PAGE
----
We typically classify publishers as Old Media and New Media, but now we have companies that are part of a new paradigm, the Dat Media company. Such companies sit above both Old and New, studying patterns in usage and in the databases of information aggregated by publishers.
The new book, “Weapons of Math Destruction,” calls out many worrying trends in the application of big data, with particularly salient entries on higher education rankings, for-profit universities, the justice system, insurance, and employment.
How much is the privacy of academics worth? Judging by the behavior of most people, seemingly very little.
A proposal to substitute graphs of citation distributions for impact factors introduces many problems the authors don’t seem to have fully grasped, including unintentionally bolstering the importance of the very metric they seek to diminish.
While it certainly is the case that scholarly publishing is a mature business, some of the companies operating in this industry have found new avenues for growth by expanding beyond the publication of content into data science. This is an opportunity that is only available to the larger companies with enlightened management.
On an academic campus, the consumer of licensed scholarly information products is usually not the buyer and does not make purchasing decisions. If your sales reps aren’t careful about respecting that distinction, they can get themselves into hot water fast.
Amazon is reportedly poised to get into the open educational resources game. This could be huge, and not just for the most obvious reasons.
Kent Anderson returns to update his essential list of just what it is that publishers do.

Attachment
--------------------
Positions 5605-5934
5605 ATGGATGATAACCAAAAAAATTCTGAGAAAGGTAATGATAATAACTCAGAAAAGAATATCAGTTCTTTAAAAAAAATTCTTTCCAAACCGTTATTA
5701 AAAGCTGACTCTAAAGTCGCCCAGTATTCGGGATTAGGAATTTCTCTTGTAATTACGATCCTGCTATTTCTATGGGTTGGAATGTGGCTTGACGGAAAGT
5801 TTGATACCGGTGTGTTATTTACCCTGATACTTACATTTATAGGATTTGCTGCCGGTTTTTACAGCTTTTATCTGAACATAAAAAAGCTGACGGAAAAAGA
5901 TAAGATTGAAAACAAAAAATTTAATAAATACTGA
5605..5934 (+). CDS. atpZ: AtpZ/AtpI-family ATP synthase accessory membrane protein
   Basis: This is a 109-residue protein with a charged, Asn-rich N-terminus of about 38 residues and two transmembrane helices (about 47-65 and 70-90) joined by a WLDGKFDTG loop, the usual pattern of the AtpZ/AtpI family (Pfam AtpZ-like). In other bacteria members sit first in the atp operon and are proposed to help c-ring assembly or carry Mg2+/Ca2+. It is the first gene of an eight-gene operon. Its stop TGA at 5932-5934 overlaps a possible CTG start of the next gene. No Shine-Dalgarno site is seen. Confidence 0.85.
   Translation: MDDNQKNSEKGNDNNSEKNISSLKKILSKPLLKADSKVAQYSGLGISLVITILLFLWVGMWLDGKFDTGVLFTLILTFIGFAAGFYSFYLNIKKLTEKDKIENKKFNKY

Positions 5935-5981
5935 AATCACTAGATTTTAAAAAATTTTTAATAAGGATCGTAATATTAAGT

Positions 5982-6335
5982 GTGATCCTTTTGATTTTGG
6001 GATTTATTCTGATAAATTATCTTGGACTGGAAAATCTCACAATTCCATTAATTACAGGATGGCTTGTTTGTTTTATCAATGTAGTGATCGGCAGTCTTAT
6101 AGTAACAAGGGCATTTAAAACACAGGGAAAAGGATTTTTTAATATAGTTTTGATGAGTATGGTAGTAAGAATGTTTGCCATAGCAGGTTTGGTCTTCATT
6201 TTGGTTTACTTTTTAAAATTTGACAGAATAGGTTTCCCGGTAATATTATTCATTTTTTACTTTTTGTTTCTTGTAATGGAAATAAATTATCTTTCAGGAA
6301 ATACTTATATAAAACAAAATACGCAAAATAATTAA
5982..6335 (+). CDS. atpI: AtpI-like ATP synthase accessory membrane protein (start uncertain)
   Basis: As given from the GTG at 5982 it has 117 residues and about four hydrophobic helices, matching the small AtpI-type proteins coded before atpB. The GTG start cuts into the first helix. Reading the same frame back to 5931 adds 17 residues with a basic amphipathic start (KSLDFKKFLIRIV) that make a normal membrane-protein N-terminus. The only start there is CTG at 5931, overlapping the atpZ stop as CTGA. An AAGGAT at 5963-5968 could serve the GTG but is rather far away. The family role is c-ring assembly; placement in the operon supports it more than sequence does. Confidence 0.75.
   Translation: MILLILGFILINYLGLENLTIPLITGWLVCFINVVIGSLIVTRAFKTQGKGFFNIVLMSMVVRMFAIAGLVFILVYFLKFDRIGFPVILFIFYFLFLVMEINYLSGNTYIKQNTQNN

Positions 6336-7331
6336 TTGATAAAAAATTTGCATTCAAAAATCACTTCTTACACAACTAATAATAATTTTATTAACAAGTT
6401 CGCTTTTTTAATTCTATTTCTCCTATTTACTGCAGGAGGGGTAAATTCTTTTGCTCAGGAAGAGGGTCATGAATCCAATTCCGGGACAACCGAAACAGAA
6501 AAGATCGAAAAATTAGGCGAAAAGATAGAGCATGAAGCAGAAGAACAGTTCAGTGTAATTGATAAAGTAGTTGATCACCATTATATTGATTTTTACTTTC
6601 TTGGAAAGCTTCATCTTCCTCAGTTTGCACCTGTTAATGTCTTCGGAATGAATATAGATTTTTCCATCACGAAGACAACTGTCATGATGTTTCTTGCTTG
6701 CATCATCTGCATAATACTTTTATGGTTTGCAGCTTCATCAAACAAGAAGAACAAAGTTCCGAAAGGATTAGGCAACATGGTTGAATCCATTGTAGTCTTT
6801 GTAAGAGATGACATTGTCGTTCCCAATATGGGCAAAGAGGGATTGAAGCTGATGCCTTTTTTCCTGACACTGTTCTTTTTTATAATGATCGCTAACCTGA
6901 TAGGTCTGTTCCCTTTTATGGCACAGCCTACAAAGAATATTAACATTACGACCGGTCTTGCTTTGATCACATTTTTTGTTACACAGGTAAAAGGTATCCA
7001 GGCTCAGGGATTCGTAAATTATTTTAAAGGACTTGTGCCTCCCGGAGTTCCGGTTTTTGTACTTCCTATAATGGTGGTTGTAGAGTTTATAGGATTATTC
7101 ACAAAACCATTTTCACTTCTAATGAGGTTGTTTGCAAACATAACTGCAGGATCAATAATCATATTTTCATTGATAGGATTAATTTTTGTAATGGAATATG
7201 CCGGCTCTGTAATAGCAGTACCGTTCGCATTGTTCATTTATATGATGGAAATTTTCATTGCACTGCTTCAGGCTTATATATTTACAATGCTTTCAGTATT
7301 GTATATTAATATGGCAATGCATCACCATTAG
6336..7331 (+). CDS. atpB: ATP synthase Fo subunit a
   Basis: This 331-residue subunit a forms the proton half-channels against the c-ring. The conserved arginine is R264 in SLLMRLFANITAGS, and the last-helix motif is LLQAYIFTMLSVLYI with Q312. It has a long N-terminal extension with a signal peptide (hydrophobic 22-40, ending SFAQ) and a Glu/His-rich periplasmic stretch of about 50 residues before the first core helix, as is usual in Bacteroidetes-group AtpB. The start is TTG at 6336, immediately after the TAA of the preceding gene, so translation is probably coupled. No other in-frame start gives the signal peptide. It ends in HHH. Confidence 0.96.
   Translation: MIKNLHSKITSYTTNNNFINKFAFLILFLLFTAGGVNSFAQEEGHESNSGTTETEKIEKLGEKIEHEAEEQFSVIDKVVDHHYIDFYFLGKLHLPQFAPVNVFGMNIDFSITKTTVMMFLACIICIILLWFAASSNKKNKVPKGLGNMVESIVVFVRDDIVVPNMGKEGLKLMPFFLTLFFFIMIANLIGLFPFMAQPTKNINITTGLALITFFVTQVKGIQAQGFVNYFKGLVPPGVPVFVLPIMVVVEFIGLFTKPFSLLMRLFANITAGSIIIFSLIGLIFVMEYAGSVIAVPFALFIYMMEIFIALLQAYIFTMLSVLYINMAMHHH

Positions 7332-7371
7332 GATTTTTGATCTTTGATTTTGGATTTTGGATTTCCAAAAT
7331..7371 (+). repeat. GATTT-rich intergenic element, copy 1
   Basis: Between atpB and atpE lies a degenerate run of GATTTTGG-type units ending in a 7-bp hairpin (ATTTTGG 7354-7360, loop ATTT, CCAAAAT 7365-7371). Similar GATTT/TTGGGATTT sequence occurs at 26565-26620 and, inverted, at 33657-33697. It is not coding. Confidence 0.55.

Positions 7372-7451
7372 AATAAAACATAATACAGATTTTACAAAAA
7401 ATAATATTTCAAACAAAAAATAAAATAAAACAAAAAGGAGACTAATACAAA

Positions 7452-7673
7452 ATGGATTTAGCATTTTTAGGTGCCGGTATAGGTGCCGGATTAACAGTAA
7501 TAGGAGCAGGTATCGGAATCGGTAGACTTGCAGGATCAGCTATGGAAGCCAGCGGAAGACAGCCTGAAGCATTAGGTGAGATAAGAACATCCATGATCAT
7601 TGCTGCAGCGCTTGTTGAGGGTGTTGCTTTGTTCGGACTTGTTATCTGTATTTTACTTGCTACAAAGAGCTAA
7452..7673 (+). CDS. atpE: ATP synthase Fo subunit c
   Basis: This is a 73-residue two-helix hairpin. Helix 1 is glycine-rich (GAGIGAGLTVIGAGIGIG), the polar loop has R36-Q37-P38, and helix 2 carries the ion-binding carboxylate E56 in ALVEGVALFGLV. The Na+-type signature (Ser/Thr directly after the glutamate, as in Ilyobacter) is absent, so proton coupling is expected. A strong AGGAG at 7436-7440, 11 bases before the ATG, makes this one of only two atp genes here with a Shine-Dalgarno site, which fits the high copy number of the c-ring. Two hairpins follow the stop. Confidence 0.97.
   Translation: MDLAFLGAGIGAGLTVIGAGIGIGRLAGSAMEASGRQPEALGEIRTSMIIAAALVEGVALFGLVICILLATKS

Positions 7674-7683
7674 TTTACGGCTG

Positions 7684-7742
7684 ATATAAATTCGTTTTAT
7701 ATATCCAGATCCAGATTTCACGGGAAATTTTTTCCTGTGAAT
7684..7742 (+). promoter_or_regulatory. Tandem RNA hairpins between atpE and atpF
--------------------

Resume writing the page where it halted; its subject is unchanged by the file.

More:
A number of recent articles have posited the idea that information distribution on the Internet is undergoing a massive change – driven by the failure of site advertising and subscriptions as a general purpose economic model, and the rise of mobile powered social media as the discovery tool of these times. To what extent is this way of thinking applicable to scholarly publishing?
Digital media enables us to collect a huge amount of end-user data, far more than we could gather for print publishing. This presentation summarizes the way that data can be used to foster growth and concludes that end-user data is likely to require the creation of a new class of products.
Should the fast and loose rules of startup company business models and the spin-oriented language of advertising be given free rein in the scholarly community?
On the surface editorial independence seems so straight-forward. However, it is filled with nuance. If publishing and editorial expectations are not clearly set, misunderstandings can cause angst, poor working relationships, and even legal action.
Johns Hopkins University’s science outreach video series offers a compelling way to tell the story of current research to the general public
The benefits of personalizing discovery are already playing themselves out in the consumer space, suggesting tremendous opportunities for using data to personalize the research process. Given the scale of data needed for effective personalization, the implications of changing discovery processes will cascade through the scholarly ecosystem.
James Garner’s television detective warned us about Google and Facebook way back in 1978. If only we’d listened…